Introduction: Why are so many people struggling to avoid internet comment etiquette traps?
Why? Perhaps some of you are simply unaware of the etiquette around posting on the internet. If that’s the case, here’s a quick lesson that might help demystify some of the murky waters: what is it? Why should you follow it? And, of course, what are some of the consequences if you don’t follow through?
In this introductory article, we’ll provide a brief history of internet comment etiquette and discuss its purposes. We’ll also highlight how some people have found ways to avoid traps, what may happen if they do not follow through and why that’s a good thing.
“it isn’t about the stupid little things that people do…. it’s about the huge things.
Michael Crichton “
First, a little history and context: What is internet comment etiquette? According to Wikipedia, internet comment etiquette is “the standard rules for formatting and commenting on Internet forums, newsgroups and mailing lists, which are expected to provide a safe environment for controversial or potentially offensive material. The term is also used to describe the expectations of users when using online chat rooms and message boards. Guidelines set by the Internet community and individual sites are not binding but establish a standard of behavior, and many individuals provide additional guidelines.”
The True Cost of Internet Comment Etiquette
The internet is a marvelous tool with limitless possibilities, but there’s a catch. The internet also allows EVERYONE on the planet to read whatever you write (regardless of whether or not they care or think it’s appropriate). That means that your every thought and opinion can be seen by everyone on the planet, perhaps without their knowledge or consent.
This is a problem because the internet allows people to communicate in ways that are not obvious. Imagine that you are telling someone a story about an incident you read in the newspaper. If you tell the story in person, everyone present will know that your description of this incident is an actual event, and not something that you made up. The same information communicated over the internet would not be interpreted so clearly. You might type “I saw this crazy thing today…blah blah blah”. Unless your point is clear, many readers will assume that the story you are telling about seeing a crazy thing is something you made up.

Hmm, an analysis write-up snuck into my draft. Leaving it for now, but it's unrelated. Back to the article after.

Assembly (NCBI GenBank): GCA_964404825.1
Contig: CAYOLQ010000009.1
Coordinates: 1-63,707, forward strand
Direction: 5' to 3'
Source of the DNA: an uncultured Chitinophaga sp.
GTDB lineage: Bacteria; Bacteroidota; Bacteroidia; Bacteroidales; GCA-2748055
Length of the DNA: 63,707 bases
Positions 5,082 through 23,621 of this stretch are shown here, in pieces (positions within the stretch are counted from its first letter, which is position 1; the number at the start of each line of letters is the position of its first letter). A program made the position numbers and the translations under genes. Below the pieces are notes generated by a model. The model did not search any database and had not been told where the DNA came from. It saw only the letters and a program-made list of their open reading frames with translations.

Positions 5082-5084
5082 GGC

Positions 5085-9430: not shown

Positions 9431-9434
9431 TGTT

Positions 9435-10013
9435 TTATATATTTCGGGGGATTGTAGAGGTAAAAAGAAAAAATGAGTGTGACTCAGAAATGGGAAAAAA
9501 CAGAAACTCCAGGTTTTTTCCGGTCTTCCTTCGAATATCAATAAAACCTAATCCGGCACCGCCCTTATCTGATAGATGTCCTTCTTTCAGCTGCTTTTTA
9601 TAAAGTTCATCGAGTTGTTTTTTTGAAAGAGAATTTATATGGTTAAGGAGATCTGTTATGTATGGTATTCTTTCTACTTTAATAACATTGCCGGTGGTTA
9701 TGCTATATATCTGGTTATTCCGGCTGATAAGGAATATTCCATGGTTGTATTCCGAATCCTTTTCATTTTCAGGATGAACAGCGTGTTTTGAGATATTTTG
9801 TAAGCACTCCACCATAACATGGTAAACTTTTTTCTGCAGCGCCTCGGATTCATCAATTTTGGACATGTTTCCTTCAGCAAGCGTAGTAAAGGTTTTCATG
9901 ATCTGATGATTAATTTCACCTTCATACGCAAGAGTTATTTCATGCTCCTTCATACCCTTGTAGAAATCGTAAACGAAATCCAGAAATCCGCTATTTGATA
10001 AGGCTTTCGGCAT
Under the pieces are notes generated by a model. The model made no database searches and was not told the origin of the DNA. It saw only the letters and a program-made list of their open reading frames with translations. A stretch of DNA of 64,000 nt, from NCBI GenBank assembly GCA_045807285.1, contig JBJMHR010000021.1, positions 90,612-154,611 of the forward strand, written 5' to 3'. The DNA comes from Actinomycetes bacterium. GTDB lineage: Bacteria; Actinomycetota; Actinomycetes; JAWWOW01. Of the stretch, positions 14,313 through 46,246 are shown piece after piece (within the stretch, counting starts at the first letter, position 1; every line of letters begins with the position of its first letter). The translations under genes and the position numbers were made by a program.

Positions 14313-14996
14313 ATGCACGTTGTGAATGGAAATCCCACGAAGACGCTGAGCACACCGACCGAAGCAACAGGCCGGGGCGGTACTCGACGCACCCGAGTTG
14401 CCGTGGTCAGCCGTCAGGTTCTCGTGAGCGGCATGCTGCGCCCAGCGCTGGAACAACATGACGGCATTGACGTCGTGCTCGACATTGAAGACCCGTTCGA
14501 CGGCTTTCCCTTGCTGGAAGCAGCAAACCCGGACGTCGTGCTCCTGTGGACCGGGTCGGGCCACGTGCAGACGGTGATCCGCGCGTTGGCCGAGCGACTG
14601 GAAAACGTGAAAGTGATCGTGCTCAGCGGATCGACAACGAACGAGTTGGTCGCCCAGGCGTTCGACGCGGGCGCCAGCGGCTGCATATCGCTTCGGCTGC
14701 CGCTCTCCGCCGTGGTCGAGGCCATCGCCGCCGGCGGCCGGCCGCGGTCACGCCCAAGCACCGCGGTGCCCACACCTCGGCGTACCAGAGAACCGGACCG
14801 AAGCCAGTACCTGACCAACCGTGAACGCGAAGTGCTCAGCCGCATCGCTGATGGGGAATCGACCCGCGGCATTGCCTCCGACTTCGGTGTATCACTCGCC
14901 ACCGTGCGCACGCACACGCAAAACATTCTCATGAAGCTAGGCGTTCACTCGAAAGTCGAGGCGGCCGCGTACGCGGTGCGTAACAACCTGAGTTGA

The 7 Tips for Tweeting Safely and Avoiding Commentiquette Traps
If you tweet, then you’re a writer. You’re publishing your thoughts to the public just like I am. So when you write a tweet, make sure it’s going to be interesting and intelligent enough so that people will take notice. Here are the 7 TIPS FOR TWEETING SAFELY AND AVOIDING COMMENTIQUETTE TRAPS: 1. Put yourself in your audience’s shoes. 2. Don’t be rude, even if people are being rude to you. 3. Be specific, descriptive and contextual; include links and hashtags where appropriate; don’t assume your audience knows what you’re talking about. 4. Use #hashtags (or ask your followers to use them) when it makes sense… 5. …but don’t overdo it. 6. Use spell-check and proper grammar. 7. CLEAN UP YOUR ACT: delete old tweets you don’t like or that are causing you problems before new ones come along to replace them.
Bam! Now let’s look at how Erik uses the same principles, with some variations, in his article on Commentiquette, which is another way of talking about behavior online (computers, phones and other technology).
You are the mirror of your life; you cannot see it for all the refection. – Henry David Thoreau (1817-1862)
Knowledge is not knowing that a tomato is a fruit; wisdom is not putting it in a fruit salad. – Lewis Grizzard (1946-1994)
Overview of article: It discusses some common pitfalls people have with Facebook and other social media, and what to do about them.
article title: “The Guide to Commentiquette: Facebook and Other Social Media Potholes”
Background information (to use as knowledge, not to be copied verbatim):